8 Lonely Backpacking Trips Where Solitude Rules
Sharing is for kindergarten. Try one of these hikes to have the wilderness all to yourself.
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Sespe Wilderness, CA
This wilderness in the Sierra Pelona and Topatopa Mountains is home to southern California’s last undammed river, some of the hottest hot springs in the country, and a California condor sanctuary, as well as miles and miles of trails. With far fewer visitors than the more-publicized Sierra Nevada, this spot is a dream escape for backpackers looking for time alone.
Info Sespe Wilderness
Nootka Trail, British Columbia
This little-known trail has even fewer visitors than the rest of BC’s remote coast. Running along the outer edge of Nootka Island, itself just west of Vancouver Island, the trail heads from open viewpoints to beach to thick forest, where ancient totem poles from the Muchalaht Nation are slowly returning to the earth.
Info Nootka Trail
Cutler Coast, Maine
Blueberry barrens, unique maritime forest, and open heaths open onto rocky headlands on this section of Maine’s Bold Coast. Snowshoe in during the winter for the best chance of absolute solitude, or hit the trails in late summer and early fall for ripe blueberries.
Info Cutler Coast
Gore Range, CO
Despite being only 60 miles from Denver at its closest point, this range is little-known even by Colorado hikers. The range has more than 50 peaks over 12,000 feet, with sharp-edged glacial cirques dropping from their slopes to cradle alpine lakes and waterfalls—and very few visitors.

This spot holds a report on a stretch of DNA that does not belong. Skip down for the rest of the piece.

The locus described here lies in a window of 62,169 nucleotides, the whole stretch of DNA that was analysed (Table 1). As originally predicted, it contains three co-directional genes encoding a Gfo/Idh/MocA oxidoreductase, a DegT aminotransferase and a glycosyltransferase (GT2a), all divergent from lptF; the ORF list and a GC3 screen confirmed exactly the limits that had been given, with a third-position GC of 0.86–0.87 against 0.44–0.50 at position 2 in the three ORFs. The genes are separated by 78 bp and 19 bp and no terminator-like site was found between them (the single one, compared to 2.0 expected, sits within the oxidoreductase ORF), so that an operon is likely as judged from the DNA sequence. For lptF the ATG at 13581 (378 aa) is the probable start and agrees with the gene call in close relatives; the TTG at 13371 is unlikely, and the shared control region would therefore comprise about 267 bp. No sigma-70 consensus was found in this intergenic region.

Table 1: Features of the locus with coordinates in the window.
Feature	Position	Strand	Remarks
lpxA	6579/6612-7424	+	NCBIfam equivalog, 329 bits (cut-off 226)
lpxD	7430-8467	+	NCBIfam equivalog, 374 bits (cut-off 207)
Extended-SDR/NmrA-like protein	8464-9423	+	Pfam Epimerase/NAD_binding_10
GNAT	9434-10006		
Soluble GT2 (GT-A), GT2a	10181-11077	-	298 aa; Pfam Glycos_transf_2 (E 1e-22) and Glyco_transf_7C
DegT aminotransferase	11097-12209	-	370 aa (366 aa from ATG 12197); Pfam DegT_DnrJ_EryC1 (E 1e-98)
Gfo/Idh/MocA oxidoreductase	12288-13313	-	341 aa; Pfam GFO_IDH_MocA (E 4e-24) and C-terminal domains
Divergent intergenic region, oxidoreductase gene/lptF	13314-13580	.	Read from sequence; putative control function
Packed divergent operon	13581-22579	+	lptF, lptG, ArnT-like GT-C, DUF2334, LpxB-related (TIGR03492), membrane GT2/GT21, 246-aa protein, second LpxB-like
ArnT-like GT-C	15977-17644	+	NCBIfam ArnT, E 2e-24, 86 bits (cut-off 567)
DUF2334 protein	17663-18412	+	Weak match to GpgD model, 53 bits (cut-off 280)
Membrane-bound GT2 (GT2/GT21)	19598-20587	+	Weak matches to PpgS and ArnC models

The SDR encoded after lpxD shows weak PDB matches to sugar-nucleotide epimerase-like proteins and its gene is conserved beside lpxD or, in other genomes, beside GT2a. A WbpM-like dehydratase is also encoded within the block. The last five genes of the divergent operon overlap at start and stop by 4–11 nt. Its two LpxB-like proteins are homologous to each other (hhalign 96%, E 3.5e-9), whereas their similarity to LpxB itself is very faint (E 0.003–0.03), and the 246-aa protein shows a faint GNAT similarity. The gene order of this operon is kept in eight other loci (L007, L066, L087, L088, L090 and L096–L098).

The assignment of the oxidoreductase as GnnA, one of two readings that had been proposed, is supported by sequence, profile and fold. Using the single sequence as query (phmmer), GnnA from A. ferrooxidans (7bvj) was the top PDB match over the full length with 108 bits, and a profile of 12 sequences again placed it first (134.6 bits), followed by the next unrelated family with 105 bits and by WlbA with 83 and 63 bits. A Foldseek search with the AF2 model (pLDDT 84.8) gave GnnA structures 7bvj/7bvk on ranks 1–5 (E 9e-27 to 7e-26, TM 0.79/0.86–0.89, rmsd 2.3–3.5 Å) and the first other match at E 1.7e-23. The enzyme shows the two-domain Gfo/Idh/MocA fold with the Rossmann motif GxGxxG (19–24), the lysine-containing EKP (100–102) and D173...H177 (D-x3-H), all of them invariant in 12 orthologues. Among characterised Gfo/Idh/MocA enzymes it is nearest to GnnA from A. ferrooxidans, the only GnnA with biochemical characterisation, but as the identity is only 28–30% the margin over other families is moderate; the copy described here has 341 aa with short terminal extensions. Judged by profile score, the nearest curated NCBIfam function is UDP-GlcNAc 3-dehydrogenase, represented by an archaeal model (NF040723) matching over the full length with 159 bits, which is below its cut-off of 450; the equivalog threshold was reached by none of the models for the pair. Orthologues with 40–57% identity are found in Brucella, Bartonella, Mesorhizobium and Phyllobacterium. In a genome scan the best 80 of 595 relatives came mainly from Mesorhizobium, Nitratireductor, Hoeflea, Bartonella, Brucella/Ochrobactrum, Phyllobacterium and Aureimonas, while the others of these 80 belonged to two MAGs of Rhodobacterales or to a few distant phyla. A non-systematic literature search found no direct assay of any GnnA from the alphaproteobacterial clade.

Info Gore Range
This 65-mile trail follows the border between Minnesota and Ontario through the Boundary Waters Wilderness, tracing the ridgelines that rise between the lakes and rivers. The panoramic views, waterfalls, and lakeside lunch stops on this route see very few people; take a week and explore this border wilderness without a single hint of crowds.
Info Border Route Trail
Mt. Barnard, CA
Despite its proximity to the John Muir Trail, this peak is rarely climbed. At 13,990 feet Mt. Barnard requires a lot of elevation gain from any climber, but the views over the High Sierra are worth it. The route up the southwest slope is only class 1, requiring no technical gear or advanced routefinding.
Info John Muir Wilderness
Diamond Peak, OR
This basaltic-andesite shield volcano’s broad, low-angle slopes stand out among the sharp stratovolcano cones of most of the Cascades range. Climb it in a day on the 12-mile South Ridge route, or make a weekend of it on one of the long routes up the western slopes.
Info Willamette National Forest
Gannett Peak, WY
Wyoming’s highest point is a serious mountaineering objective, requiring a wide variety of climbing skills and a weeklong expedition. The main approach, through Titcomb Basin, piles on the views long before you get near Gannett, as the trail winds through high mountain meadows surrounded by a sea of ragged peaks.
Info Bridger-Teton National Forest